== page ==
Dorney asked Huffman about some of the findings and impact of the report that came out a few months ago — when we had a post announcing the publication. Here are some more key quotes from the audio-interview and transcript available from the link above:
Traditional lifestyles or modified traditional lifestyles actually give an awful lot of security and contentment. They are not poor! This is the mistake that economists make. They think, 'Oh, they've got no money so they're poor.' That's wrong. The province in Vanuatu that's got the highest levels of contentment and satisfaction and everything is Torba Province right up in the far north which is the area of Vanuatu that receives the least of various glitterati things or the bling things from the modern world. And that's where the levels of contentment and happiness are actually the highest. It turns out that some of the most important things of course is land. Something like 92 per cent of people surveyed have access, traditional access to land in Vanuatu ...This news item, with its singular message about the weaknesses of a monetary framing of our future, can be contrasted with one from the Guardian (1 December), 'Gross national happiness in Bhutan: The big idea from a tiny state that could change the world', by Annie Kelly Thimphu, which reveals the contradictory and undermining forces of upholding 'happiness' without withdrawing support for production for trade and money, and monetary evaluations:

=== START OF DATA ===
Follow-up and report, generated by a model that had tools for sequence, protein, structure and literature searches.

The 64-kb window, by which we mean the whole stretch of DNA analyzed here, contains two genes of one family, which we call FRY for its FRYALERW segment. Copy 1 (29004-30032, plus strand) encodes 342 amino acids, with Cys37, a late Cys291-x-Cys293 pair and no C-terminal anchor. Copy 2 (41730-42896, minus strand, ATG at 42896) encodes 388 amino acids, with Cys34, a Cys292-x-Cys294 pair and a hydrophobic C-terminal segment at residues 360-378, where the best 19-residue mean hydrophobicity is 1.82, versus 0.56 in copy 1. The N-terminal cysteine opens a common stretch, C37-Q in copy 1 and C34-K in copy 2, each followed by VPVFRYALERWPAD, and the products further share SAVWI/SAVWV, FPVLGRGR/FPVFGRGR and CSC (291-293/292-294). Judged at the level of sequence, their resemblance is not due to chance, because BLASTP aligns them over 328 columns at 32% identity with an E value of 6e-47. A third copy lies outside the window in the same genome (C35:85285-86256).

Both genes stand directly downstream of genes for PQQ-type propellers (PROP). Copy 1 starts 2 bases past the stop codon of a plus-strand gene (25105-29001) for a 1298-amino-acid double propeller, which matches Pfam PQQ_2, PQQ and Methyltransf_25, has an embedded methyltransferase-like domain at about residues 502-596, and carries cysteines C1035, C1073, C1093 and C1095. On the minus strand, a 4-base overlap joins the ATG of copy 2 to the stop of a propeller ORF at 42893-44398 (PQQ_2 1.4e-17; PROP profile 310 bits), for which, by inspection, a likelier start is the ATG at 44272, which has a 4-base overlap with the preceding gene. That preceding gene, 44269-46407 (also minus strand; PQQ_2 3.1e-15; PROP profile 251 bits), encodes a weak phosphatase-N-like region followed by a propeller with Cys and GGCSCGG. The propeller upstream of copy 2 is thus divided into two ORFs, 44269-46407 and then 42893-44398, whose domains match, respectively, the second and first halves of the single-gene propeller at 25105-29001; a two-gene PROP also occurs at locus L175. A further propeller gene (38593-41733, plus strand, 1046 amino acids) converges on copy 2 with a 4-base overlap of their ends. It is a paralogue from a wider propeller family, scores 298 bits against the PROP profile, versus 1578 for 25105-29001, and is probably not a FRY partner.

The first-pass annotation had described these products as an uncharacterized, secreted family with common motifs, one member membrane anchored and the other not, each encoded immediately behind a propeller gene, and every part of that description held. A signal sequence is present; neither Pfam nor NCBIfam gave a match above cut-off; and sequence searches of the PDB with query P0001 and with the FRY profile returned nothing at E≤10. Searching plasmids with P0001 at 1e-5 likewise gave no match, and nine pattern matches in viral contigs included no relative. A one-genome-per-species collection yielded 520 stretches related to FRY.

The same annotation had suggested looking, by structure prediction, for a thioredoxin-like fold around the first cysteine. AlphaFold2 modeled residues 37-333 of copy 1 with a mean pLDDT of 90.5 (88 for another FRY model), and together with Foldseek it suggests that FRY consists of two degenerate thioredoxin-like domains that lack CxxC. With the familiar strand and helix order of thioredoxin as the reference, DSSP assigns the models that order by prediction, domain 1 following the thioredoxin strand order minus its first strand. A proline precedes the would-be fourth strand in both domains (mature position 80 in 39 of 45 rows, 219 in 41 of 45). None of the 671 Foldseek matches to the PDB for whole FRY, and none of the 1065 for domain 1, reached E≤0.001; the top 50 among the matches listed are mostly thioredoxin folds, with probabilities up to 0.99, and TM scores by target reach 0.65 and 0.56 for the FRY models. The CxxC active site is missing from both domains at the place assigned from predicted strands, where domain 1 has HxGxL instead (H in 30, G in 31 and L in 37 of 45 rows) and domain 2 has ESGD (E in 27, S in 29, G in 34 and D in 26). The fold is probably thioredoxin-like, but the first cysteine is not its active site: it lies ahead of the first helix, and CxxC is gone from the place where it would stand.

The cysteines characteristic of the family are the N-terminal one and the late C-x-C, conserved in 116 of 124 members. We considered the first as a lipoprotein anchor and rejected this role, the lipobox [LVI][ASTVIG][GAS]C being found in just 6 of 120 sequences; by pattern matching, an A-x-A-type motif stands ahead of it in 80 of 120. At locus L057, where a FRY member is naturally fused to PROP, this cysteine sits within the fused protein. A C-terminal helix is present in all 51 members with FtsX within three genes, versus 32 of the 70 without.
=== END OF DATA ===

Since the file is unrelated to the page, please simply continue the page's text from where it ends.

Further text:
... The Alternative Indicators of Wellbeing in Melanesia Report is already available online in the French speaking world. The French economists - it's very interesting - French economists and French philosophers and thinkers picked up on it immediately. Absolutely immediately. And even though the report at the moment is only out in English it's available on French websites that deal with important philosophical questions. The French speaking world is living in the Age of Enlightenment sort of period where there's intense debate on philosophical questions of great importance. The English speaking world has lost that! The English speaking world is, sort of, unfortunately, become more concerned with just business, jobs and, you know, bling and various things like that.
Despite its focus on national wellbeing, Bhutan faces huge challenges. It remains one of the poorest nations on the planet. A quarter of its 800,000 people survive on less than $1.25 a day, and 70% live without electricity. It is struggling with a rise in violent crime, a growing gang culture and the pressures of rises in both population and global food prices.
It also faces an increasingly uncertain future. Bhutan's representatives at the Doha climate talks are warning that its gross national happiness model could crumble in the face of increasing environmental and social pressures and climatic change.
'The aim of staying below a global two-degree temperature increase being discussed here this week is not sufficient for us. We are a small nation, we have big challenges and we are trying our best, but we can't save our environment on our own,' says Thinley Namgyel, who heads Bhutan's climate change division. 'Bhutan is a mountainous country, highly vulnerable to extreme weather conditions. We have a population that is highly dependent on the agricultural sector. We are banking on hydropower as the engine that will finance our development.'